Heavy Fuel Oil still a problem in Arctic waters.

Photo by Brenda Norris

Each year approximately 180 ships use the Northwest (Passage).  As the Arctic warms, the Passage becomes a more viable option as shipping routes in other areas such as the Panama Canal or routes that are in war zones continue to cause delays for ships carrying goods around the planet.

When the traffic begins to increase in the Arctic, one area of concern is the use of heavy fuel oil (HFO) which is banned in the Antarctica but not in the Arctic.  The International Maritime Organization has set the HFO ban in the Arctic for 2024 but even then, loopholes in the ban allow for ships to continue using heavy fuel oil until 2029. The low traffic in the Passage is of little concern right now but once the Passage remains open year-round we could see a high increase and along with it, ships that use HFO,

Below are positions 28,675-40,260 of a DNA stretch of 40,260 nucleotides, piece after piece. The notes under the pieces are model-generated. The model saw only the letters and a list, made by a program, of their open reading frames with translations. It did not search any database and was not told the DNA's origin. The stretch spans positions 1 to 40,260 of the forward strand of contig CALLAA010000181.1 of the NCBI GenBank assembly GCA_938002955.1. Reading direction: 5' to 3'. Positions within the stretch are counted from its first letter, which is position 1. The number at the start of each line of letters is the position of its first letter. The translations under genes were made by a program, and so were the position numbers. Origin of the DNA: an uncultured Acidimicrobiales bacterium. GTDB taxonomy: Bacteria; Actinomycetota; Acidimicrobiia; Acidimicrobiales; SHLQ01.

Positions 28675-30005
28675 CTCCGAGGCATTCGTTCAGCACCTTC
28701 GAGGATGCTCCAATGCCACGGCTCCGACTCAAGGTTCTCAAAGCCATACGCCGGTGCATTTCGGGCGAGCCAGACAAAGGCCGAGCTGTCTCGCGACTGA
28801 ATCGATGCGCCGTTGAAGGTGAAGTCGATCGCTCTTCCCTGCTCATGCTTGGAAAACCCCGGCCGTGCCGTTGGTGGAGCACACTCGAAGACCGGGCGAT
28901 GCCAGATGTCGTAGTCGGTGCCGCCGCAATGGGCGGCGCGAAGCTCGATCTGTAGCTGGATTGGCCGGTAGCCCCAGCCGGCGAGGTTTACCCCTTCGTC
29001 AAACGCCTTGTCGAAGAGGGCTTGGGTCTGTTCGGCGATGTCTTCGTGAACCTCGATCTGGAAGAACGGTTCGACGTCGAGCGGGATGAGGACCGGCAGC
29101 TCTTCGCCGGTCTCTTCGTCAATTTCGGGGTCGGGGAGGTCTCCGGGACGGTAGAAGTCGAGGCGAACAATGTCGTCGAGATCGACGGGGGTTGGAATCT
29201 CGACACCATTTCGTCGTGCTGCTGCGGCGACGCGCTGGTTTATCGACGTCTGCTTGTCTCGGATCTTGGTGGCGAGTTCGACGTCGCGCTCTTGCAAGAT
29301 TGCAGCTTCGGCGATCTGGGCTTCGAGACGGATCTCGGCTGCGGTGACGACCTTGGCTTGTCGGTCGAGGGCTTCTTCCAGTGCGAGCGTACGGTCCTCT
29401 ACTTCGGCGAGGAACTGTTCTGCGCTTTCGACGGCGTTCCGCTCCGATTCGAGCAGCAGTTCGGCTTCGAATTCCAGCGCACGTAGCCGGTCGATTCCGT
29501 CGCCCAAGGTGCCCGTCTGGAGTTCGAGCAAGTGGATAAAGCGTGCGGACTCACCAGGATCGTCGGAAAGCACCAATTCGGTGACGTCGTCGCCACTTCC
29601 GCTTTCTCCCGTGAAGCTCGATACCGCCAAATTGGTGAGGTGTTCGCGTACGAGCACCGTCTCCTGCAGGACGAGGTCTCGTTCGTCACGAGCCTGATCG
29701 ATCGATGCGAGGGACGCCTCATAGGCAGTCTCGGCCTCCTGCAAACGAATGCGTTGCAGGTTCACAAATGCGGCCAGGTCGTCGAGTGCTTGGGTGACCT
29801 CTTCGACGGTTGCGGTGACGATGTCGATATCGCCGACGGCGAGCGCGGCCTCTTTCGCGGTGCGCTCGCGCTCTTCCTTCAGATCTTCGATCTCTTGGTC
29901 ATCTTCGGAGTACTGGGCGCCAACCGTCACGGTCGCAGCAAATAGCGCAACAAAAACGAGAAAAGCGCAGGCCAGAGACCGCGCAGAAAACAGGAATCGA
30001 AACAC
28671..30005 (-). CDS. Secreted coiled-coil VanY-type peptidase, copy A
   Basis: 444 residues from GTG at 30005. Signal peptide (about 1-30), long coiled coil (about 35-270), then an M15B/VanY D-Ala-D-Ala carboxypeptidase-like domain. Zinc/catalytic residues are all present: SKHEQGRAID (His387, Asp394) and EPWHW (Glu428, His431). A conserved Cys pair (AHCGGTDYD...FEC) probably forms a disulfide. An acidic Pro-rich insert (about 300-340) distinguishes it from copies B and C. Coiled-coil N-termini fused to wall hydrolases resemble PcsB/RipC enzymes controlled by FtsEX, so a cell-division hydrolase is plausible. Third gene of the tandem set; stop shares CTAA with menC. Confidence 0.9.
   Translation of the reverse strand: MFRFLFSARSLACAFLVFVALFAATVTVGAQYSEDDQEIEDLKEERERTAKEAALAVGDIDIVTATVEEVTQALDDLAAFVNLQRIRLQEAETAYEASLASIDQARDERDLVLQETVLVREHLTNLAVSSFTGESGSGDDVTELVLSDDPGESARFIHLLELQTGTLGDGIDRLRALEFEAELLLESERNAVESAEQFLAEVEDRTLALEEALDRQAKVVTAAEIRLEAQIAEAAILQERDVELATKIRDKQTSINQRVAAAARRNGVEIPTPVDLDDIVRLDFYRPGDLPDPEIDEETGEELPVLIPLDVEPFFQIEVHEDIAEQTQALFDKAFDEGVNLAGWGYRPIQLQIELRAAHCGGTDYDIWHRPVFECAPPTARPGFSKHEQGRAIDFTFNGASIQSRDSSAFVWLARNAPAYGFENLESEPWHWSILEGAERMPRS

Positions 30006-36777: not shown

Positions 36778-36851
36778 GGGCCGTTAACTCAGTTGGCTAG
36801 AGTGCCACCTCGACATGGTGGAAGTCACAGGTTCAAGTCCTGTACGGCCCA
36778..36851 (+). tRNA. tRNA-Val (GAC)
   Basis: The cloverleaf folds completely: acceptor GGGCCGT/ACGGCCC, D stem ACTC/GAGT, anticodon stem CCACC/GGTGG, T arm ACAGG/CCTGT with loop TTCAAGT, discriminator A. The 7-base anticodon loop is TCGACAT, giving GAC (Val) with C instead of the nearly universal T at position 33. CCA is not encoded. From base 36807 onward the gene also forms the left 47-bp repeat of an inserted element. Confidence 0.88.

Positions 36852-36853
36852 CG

What is HFO? HFO has a tar-like consistency and has many different compounds two of which include sulphur and nitrogen. This combination makes the pollution that comes out of the smokestacks much dirtier which is why the industry started “cleaning” the with “scrubbers” The scrubbers are made up of chemicals that clean the air that comes out of the smokestack but those chemicals result in warm acidic water being flushed right into the ocean waters.

Because HFO is less expensive than other fuels Canada did not support the ban citing that Arctic communities and their economies would be impacted.

CKLB Radio reporter Brenda Norris spoke with Sigrid Kuehnemund, the vice president of WWF Canada’s Wildlife and Industry Program about heavy fuel oil and its continued polluting of Arctic Waters and what we can do about it.